2

I want to use a variable that references an arithmetic operator within an if statement expression as shown below:

str = { '>60', '>60', '>-60', '=0' }
del = 75

function decode_prog(var1, var2)
    op = string.sub(var1, 1, 1)
    vb = tonumber(string.sub(var1, 2, 3))

    if var2 op vb then
        print("condition met")
    else 
        print('condition not meet')
    end
end
for i = 1, #str do
    decode_prog(str[i], del)
end

When the above code executes, it should either print "condition met" or "condition not met" based on the result of the operation, however I am instead receiving an error.

2
  • 2
    xyproblem.info I guess
    – Piglet
    Jan 16, 2021 at 9:48
  • You should include the specific error, you get, in your question
    – Nifim
    Jan 17, 2021 at 4:12

3 Answers 3

4

You cannot substitute a native Lua operator with a variable that references a function, the only way to go about what you are attempted to do is to create a set of functions within an associative array and set the index as a reference to the respective operation you want to conduct.

Looking at your list, you have a greater than (>) and equal to (=). We create a table for these operations that takes two parameters as follows.

local operators = {
    [">"] = function(x, y) return x > y end,
    ["="] = function(x, y) return x == y end,
    -- Add more operations as required.
}

You can then invoke the respective function from the decode_prog function by obtaining the operation character from the string, along with the numeric value itself - this is possible because you can obtain the function from the associative array where the index is the string of the operation we want to conduct.

local result = operators[op](var2, number)

This calls upon the operators array, uses the op to determine which index we need to go to for our appropriate operation, and returns the value.

Final Code:

str = { '>60', '>60', '>-60', '=0' }
del = 75

local operators = {
    [">"] = function(x, y) return x > y end,
    ["="] = function(x, y) return x == y end,
}

function decode_prog(var1, var2)
    local op = string.sub(var1, 1, 1) -- Fetch the arithmetic operator we intend to use.
    local number = tonumber(string.sub(var1, 2)) -- Strip the operator from the number string and convert the result to a numeric value.

    local result = operators[op](var2, number) -- Invoke the respective function from the operators table based on what character we see at position one.

    if result then
        print("condition met")
    else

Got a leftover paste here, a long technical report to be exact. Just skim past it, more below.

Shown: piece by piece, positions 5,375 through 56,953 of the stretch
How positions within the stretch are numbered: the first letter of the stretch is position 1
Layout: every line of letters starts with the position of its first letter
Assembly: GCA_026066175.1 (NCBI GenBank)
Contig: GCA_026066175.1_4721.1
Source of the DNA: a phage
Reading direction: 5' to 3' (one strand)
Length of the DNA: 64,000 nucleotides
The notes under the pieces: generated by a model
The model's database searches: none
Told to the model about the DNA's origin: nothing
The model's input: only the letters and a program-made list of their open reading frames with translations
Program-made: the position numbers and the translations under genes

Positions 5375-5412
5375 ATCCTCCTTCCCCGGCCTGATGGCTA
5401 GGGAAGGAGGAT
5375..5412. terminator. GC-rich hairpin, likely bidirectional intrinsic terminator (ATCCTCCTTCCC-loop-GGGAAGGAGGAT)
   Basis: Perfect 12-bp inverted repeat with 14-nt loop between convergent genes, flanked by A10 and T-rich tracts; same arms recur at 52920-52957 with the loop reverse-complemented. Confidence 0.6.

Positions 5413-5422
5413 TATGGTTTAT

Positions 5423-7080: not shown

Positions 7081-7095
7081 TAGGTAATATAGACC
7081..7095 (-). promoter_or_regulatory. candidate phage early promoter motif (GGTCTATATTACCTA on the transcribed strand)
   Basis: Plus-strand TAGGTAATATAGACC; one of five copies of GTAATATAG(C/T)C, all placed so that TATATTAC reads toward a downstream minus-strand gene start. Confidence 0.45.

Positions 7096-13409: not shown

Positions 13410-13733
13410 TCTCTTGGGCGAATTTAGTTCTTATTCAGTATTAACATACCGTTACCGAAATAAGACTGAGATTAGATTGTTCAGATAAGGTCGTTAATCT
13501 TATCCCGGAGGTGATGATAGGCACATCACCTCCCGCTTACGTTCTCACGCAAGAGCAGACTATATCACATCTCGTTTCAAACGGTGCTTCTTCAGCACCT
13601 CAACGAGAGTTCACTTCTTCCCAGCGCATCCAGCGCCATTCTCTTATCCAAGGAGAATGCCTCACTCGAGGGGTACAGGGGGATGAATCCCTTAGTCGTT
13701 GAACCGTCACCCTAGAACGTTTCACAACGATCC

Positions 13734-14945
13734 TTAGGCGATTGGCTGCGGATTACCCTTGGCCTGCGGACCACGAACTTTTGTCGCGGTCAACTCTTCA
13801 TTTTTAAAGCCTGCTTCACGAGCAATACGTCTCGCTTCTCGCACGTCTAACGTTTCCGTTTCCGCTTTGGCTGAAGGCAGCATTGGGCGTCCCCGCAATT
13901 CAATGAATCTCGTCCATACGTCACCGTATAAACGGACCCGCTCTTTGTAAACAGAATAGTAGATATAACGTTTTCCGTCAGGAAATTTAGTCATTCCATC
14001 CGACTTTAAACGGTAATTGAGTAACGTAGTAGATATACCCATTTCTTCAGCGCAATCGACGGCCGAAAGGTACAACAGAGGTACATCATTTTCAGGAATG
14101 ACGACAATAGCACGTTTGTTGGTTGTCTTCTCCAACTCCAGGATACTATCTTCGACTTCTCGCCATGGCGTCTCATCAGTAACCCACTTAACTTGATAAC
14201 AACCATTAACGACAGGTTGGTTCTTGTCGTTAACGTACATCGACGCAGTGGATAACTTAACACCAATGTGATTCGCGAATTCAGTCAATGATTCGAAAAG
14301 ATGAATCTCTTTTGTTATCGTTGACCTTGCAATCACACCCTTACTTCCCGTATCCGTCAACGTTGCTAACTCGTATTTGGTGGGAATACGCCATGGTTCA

print('condition not met')
    end
end

for i = 1, #str do
    decode_prog(str[i], del)
end
4
  • 1
    The >- is simply greater than negative 60 since the operator is string.sub(_, 1, 1).
    – IsawU
    Jan 16, 2021 at 7:46
  • 1
    Otherwise, this solution is quite a bit more elegant than mine. The code is very clear on what it does, even if you support hundreds of different operators.
    – IsawU
    Jan 16, 2021 at 7:50
  • Thanks for the clarification on the >- simply meaning negative!
    – Skully
    Jan 16, 2021 at 7:57
  • Also consider using local number = tonumber(string.sub(var1, 2)) to catch the whole rest of the string. Otherwise, you will get op == ">" and number == -6 instead of -60.
    – IsawU
    Jan 16, 2021 at 8:14
2

I can't make much sense of your code or what you want to achieve doing that but if could simply use load. You build your expression as a string and run it. Of course you should take care of two character operators like >= which I did not and you should validate your input.

local str={'>60','>60','>-60','=0'}
local del=75

function decode_prog(var1, var2)
  local operator = var1:sub(1,1):gsub("=", "==")
  local expr = string.format("return %d %s %s", var2,operator, var1:sub(2))
  print(string.format("condition %smet", load(expr)() and "" or "not "))
end

for i,v in ipairs(str) do
  decode_prog(v, del)
end
2
  • I'm actually curious about the performance. Can you tell how the load will perform compared to the array of functions for each operator? This solution is very nice, being able to resolve any operators without any additional coding, but I always perceived this kind of load() usage as not-the-best-idea, but I never thought to look into it.
    – IsawU
    Jan 16, 2021 at 19:36
  • 1
    @IsawU I have no idea. using an array should be faster. but this particular task doesn't look like something where performance matters.
    – Piglet
    Jan 16, 2021 at 20:12
0

A very simple way would be to add a condition for each supported operator:

function decode_prog(var1, var2)
  op = string.sub(var1, 1, 1)
  vb = tonumber(string.sub(var1, 2))  --remove the last argument and use tonumber()
  if vb == nil then return end  --if the string does not contain number

  if (op == ">" and var2 > vb) or (op == "=" and var2 == vb) --[[add more conditions here]] then
     print("condition met")
  else 
     print("condition not met")
  end
end

I changed the vb=string.sub(var1,2,3) line too. This form vb = tonumber(string.sub(var1, 2)) will allow use of numbers that have any number of digits and added tonumber() which will allow us to catch not-a-number errors when comparison would probably fail.

Then I added a logic to determine what the operator is and if the condition is met.

Operator limitations: This will only work with operators that are one character and operator such as >= will not be possible unless you use a different character for it. will not play nicely, since it is multiple characters.

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